Among college-preparatory students, private-school students took slightly more academic coursework than their counterparts in public schools. Catholic-school students took one credit-hour more, and students in other private schools took a half-credit more, than public-school students. The greatest differences were in social studies and foreign languages.

Private schools devoted a larger share of instructional time to college preparation, the result, Mr. Morgan writes, of "internal resource-allocation decisions."

Private-school students "do have a strong socioeconomic advantage, as measured by father's and mother's education, father's occupation, and family income." Students in non-Catholic private schools were slightly better off, economically, than were Catholic-school students.

Public schools had an advantage in overall resources, with larger library collections, higher teachers' salaries, and more vocational programs. Public and private schools were about even in teachers' academic preparation and in daily student attendance, but public schools had higher dropout rates.

Private-school students were graded more rigorously, with students in Catholic schools receiving the lowest grades overall.

Hispanic students performed best in Catholic schools, with the largest differences on the verbal sections of the test. Mr. Morgan speculates that Catholic schools may do a better job of meeting these students' language needs and of maintaining crucial ties with the home.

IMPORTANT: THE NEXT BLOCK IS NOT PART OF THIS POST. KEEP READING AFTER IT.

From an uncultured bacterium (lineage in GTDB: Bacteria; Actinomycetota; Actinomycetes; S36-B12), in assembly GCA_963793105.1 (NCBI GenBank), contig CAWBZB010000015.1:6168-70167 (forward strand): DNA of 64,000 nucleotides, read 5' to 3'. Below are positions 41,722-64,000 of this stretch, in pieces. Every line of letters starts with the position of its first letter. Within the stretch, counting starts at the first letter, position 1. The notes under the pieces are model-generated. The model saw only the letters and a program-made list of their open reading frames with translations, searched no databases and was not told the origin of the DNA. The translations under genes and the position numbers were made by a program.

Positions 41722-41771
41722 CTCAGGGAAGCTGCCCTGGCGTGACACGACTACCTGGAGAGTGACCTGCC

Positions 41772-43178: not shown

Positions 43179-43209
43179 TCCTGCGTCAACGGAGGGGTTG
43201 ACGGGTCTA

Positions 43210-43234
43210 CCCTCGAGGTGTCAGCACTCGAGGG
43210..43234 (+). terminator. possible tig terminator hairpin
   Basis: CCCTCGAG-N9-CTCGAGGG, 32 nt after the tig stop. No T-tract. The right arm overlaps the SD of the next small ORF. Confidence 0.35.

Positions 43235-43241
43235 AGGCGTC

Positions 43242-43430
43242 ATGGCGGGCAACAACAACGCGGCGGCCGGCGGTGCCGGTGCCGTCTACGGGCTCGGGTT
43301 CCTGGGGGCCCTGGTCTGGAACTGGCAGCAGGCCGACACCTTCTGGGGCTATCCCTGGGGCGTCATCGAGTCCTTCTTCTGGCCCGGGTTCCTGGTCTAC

When students were asked to rate their schools on several factors, private schools came out better on "quality of school life." Private-school students liked their schools better and rated the quality of instruction and strictness of discipline more highly. Public schools fared better on freedom to pick courses and on job counseling.

Improve Achievement

In an interview, Mr. Morgan said new analyses of the data strongly indicate that so-called "college-preparatory" courses of study help improve the achievement of students who have no intention of going to college--suggesting that academically rigorous courses should be available to far more students. "Maybe they shouldn't even call it college prep," he said.